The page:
Sometime Anytime

A special treat for all you Peppermint Tree fans! A fellow Evelyn D. Lohoefer fan who wishes to remain anonymous has given us more songs to discover, or rediscover, as the case may be. The original vinyl had been well-loved, and that is why not all tracks were able to be digitized and now thanks to a friend of the site, all the tracks are included!

These songs are very much in the same delightfully quirky vein as the ones on Come and See the Peppermint Tree. All thanks to our anonymous friend for this labor of love!

Listen to “Parade”

Download the collection of songs, plus scans of the cover and liner notes: Sometime Anytime (105 MB zip file)

Sometime Anytime

Artists: Evelyn D. Lohoefer, Donald McKayle, Catherine Stephenson, Lee Reynolds, Charlie Byrd, Wallace Mann, Larry Logan, Bertell Knox
Cover art: Remy Charlip

Tracks included in this download:

Watching Things Go By
Gingerbread Man & Red Wagon
The Rooster with a Purple Head
Not Sure
Rocking Chair
Quite a Day

7 Responses to “Sometime Anytime”

  1. Gaby McKayle

    I had forgotten about this album until I saw the title, “The Rooster with a Purple Head!” And Remy Charlip doing the artwork! He died in the last year or so, I’m sad to say.

    • Jessi

      Gaby, that is sad news about Remy Charlip. I only knew him through his book Arm in Arm. I would get lost in those beautiful illustrations. I just went to and found out he was a dancer–I had had no idea. I am starting to realize that when a book or recording touches our lives, as important as it may be to us, it is only a tiny glimpse of the wonderful mind and life of the creator.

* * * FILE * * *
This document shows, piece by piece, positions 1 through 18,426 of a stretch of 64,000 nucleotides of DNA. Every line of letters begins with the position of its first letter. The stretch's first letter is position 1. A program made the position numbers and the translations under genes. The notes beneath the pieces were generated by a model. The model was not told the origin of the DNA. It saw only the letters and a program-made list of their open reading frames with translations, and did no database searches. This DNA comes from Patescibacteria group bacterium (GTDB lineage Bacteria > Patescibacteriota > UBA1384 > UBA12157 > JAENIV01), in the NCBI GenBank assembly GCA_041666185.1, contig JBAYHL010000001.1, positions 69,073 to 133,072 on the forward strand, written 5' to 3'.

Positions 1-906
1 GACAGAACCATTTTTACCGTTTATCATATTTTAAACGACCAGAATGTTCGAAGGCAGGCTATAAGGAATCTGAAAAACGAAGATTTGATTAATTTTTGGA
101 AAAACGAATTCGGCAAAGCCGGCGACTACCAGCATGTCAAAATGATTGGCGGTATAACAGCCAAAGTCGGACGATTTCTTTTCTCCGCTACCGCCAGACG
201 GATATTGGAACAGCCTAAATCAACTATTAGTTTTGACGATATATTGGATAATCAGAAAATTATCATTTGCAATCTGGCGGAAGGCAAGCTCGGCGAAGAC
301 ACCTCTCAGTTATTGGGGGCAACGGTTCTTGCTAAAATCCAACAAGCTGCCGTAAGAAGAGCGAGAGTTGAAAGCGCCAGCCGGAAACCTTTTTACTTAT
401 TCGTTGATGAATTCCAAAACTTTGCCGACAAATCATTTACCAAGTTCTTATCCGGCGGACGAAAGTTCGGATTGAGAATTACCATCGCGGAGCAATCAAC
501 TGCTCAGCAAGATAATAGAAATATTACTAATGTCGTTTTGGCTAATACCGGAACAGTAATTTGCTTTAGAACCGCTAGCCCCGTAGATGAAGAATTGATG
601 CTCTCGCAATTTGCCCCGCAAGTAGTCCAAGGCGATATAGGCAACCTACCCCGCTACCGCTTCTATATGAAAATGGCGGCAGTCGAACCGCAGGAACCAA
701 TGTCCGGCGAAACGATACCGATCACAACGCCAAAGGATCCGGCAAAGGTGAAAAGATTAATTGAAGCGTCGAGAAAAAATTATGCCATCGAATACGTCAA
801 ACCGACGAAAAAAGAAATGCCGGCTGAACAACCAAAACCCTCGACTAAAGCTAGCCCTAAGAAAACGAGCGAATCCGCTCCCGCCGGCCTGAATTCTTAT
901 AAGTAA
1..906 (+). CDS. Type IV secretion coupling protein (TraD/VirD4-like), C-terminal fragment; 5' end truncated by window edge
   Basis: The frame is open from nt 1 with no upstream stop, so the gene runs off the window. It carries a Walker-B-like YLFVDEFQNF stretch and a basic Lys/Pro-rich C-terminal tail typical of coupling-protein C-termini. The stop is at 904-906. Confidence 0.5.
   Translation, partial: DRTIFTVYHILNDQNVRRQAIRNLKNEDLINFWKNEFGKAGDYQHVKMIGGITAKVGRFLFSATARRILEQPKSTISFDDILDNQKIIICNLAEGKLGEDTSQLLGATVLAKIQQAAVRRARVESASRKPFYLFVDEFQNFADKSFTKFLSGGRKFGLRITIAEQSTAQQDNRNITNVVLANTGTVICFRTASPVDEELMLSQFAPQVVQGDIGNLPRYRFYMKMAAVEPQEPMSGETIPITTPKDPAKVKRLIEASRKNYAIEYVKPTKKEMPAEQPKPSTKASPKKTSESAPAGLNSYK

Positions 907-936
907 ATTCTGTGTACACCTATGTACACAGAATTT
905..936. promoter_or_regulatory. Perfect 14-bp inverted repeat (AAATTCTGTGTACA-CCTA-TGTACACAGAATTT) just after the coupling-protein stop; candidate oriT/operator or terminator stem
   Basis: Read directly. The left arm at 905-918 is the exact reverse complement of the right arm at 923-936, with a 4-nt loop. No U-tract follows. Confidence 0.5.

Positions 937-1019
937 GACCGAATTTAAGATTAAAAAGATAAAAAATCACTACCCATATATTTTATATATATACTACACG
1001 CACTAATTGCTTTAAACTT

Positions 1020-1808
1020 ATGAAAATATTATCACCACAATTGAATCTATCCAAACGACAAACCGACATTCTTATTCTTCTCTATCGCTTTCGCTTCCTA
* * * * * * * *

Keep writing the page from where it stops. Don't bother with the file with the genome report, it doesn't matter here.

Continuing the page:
• Brian Bram

      Gaby, are you related to Donald McKayle? in 2017, after listening to this album for the first time in 50 years, I sent Mr. McKayle an email about my experience with/of the album (largely the same as my comment on the “Sometime-Anytime” page).

  2. Brian

    I think the artwork shown might be the Washington re-release, as the record I got from my parents in 1960 was from Riverside Records and looked very different. I listened to “Rooster” so much when I was 5 that I memorized it and can still “do” it decades later in the correct (and distinctive) voices. I’m sure this album was at least partly responsible for my love of the non-sequitor, and for a foundational understanding of the transitory nature of life (whoa – too deep!). Listening to it for the first time in more than 50 years was indescribable. I know, I know (together): there IS no elevator in that tree. Thank you, Jessi, thank you.

    • Jessi

      Thank *you*, Brian, for contributing your story as well as factual details. No such thing as too deep. This music has been meaningful for a lot of us!


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